Chester City Hall and Opera House
Built in 1890-91 by Columbia architect, Frank Munson, the Chester City Hall and Opera House has a long history of cultural and civic activity. The building’s extensive and elaborate use of brick and principal construction material enhances its massive Romanesque Revival style. The façade is arranged in three distinct phases. The tower at left dominates the gabled central section which in turn dominates the less ornate section on the right. Originally all three entrances of the façade were recessed, Roman arches with ornate keystones and voussoirs formed by one stretcher/one header design. A stringcourse between the first two floors has a foliated design. Since 1891, this building has been the hub of Chester’s political activity. The town’s administrative offices have been located here since the building’s construction. The city jail and fire department had also used the building before moving to new facilities. The third floor was originally designed for use as an Opera House complete with gallery, box seats, dress circle and pit seats. The Opera House was also the scene of many community festivities such as talent shows, graduation exercises, recitals and concerts. When the interior was renovated following the 1929 fire, the Opera House was not restored. The fire also destroyed the original spire tower which contained a four-faced clock. Listed in the National Register March 30, 1973.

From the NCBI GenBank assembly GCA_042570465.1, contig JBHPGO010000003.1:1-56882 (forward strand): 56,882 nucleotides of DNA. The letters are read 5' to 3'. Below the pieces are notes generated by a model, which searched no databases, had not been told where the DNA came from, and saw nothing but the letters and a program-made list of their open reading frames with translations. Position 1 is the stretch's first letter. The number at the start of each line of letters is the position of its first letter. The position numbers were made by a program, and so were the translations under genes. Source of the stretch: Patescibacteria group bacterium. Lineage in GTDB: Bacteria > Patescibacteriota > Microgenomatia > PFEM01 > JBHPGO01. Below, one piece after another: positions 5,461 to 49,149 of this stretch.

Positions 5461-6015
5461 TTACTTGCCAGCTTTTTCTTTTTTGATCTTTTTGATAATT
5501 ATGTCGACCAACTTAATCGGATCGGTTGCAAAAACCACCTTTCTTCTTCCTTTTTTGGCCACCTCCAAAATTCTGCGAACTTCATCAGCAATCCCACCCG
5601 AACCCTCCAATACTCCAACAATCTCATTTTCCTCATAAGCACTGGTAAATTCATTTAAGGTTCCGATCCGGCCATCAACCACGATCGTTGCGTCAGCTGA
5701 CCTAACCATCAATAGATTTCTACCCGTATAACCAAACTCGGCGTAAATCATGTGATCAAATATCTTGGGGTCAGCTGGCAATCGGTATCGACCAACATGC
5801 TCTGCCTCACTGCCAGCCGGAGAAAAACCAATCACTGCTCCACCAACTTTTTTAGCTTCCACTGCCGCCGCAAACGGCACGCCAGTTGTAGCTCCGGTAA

Chester County's Historic Register LandmarksHistoric Landmarks of South Carolina's UpstateSouth CarolinaSouth Carolina Historic BuildingSouth Carolina National Historic RegisterChesterCityHall